Shirley's a middle-aged Liverpool housewife, who finds herself talking to the wall while she prepares her husband's chip'n'egg, wondering what happened to her life. She compares scenes in ... See full summary »
Muriel finds life in Porpoise Spit, Australia dull and spends her days alone in her room listening to Abba music and dreaming of her wedding day. Slight problem, Muriel has never had a date... See full summary »
Recent college graduate Benjamin Braddock is trapped into an affair with Mrs. Robinson, who happens to be the wife of his father's business partner and then finds himself falling in love with her daughter, Elaine.
Shirley's a middle-aged Liverpool housewife, who finds herself talking to the wall while she prepares her husband's chip'n'egg, wondering what happened to her life. She compares scenes in her current life with what she used to be like and feels she's stagnated and in a rut. But when her best friend wins an all-expenses-paid vacation to Greece for two, Shirley begins to see the world, and herself, in a different light. Written by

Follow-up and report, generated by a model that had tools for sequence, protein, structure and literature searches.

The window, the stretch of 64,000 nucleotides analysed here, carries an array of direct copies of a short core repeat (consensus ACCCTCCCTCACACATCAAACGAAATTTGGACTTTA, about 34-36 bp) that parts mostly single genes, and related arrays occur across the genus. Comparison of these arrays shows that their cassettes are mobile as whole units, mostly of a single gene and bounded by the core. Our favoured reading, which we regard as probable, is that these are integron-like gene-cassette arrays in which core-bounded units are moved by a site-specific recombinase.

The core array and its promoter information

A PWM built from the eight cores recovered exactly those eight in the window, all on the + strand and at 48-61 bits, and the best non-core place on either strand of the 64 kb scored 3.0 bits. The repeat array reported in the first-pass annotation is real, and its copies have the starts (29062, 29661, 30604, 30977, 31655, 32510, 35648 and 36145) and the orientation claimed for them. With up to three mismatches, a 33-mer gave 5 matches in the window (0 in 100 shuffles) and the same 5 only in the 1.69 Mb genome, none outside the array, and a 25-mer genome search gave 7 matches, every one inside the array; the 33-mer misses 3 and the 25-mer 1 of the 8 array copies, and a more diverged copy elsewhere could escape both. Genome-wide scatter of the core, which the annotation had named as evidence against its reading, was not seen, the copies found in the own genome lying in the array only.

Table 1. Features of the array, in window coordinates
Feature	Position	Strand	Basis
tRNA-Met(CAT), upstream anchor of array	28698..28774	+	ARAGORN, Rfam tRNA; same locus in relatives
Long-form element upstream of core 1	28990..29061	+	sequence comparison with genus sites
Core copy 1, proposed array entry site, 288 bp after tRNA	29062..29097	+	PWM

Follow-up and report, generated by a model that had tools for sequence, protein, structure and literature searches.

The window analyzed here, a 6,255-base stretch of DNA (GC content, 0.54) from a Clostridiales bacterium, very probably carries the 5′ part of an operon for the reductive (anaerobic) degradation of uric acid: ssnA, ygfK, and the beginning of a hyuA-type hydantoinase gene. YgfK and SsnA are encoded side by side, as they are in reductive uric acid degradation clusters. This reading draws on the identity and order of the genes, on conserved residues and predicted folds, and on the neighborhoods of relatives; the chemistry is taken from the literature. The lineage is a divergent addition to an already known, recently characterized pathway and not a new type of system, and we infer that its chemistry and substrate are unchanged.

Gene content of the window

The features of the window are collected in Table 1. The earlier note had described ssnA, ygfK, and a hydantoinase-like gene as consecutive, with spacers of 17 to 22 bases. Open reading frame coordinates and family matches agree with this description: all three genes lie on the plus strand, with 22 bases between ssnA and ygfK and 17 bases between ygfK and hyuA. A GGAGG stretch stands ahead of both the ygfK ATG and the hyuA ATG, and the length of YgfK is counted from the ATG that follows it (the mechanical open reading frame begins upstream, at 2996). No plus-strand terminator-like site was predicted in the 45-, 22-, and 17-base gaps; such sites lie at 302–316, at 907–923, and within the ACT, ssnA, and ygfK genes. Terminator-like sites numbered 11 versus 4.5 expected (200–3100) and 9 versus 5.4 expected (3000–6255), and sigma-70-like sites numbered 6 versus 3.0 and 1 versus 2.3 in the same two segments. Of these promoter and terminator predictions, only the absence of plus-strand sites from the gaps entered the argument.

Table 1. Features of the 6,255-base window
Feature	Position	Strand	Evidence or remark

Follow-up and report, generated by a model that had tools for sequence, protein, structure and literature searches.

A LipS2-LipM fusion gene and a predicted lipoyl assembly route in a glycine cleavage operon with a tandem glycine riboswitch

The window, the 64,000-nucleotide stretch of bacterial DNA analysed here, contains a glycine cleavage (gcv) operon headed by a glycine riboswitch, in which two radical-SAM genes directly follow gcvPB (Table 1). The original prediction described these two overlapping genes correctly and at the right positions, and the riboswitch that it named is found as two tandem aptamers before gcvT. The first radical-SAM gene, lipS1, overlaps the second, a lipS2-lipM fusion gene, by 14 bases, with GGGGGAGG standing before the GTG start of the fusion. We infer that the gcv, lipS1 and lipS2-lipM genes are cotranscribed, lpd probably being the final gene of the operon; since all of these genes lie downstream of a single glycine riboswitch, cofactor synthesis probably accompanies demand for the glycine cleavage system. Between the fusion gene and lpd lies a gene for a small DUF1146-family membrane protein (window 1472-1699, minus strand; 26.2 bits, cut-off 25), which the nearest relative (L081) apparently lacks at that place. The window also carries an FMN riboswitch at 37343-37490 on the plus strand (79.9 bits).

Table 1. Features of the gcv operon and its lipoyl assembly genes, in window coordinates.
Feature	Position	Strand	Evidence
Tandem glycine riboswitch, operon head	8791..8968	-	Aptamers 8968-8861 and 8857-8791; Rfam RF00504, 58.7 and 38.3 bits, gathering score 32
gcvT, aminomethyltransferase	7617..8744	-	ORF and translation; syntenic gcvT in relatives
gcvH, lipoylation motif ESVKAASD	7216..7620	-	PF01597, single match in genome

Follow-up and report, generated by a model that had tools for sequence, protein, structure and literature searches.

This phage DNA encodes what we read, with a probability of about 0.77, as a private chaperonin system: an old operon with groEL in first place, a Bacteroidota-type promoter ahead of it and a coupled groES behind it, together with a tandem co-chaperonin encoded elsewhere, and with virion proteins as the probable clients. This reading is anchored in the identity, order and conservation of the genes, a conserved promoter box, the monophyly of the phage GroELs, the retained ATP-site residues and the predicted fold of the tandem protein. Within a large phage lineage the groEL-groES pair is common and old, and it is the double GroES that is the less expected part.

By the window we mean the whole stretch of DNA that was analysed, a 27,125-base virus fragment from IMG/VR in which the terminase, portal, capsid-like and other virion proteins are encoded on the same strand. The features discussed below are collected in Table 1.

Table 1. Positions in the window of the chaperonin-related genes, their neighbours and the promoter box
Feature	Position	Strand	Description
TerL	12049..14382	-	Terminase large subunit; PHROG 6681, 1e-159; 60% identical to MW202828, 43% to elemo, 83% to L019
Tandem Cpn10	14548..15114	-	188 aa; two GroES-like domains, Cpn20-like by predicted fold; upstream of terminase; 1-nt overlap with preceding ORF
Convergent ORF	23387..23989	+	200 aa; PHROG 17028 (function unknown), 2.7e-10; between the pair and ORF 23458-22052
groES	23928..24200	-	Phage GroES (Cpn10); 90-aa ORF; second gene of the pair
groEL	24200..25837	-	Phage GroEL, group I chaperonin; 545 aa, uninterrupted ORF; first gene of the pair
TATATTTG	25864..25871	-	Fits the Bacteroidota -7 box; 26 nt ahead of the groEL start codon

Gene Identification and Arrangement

A rarity in film, Pauline Collins' character Shirley sporadically engages the cinema audience by looking straight into the camera as she voices her thoughts, a technique called "breaking the fourth wall". Curiously enough, the film's director Lewis Gilbert earlier directed Michael Caine as the titular Alfie in which he also spoke his thoughts directly to the viewer. See more »
Some later re-releases of the film on UK DVD contain the "garter belt" dubbing over the "suspender belt" change. This was only meant for the US release. See more »
[to the camera]
Well what's wrong with that? There's a woman three doors down talks to her microwave. Talking to a microwave! Wall, what's the world coming to ?
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I just recommended this movie to a friend who's having her mid-life crisis. Just like Shirley, she can't stop taking care of other people at her own expense. Everyone who reviews this film focuses on its heart-warming qualities, making it sound like Pollyanna. The reality of Shirley Valentine is that it's very grounded in reality. Every moment of the film is fraught with ambiguity, moral and emotional. Shirley's trip to Greece and subsequent adventures are not Hallmark moments. She realizes quite clearly that her fantasies are superimposed on the necessities of reality. She doesn't marry a tycoon: she gets a waitress job. She realizes from the get-go that her relationship with Costas is a good-natured fraud. The ending of the movie doesn't answer any questions except "How does Shirley feel right at this moment in time?" This is not a film about escaping to a fantasy. It's about finding a reality that works for who you really are. Every human being on earth who's dissatisfied with their life should watch this film.
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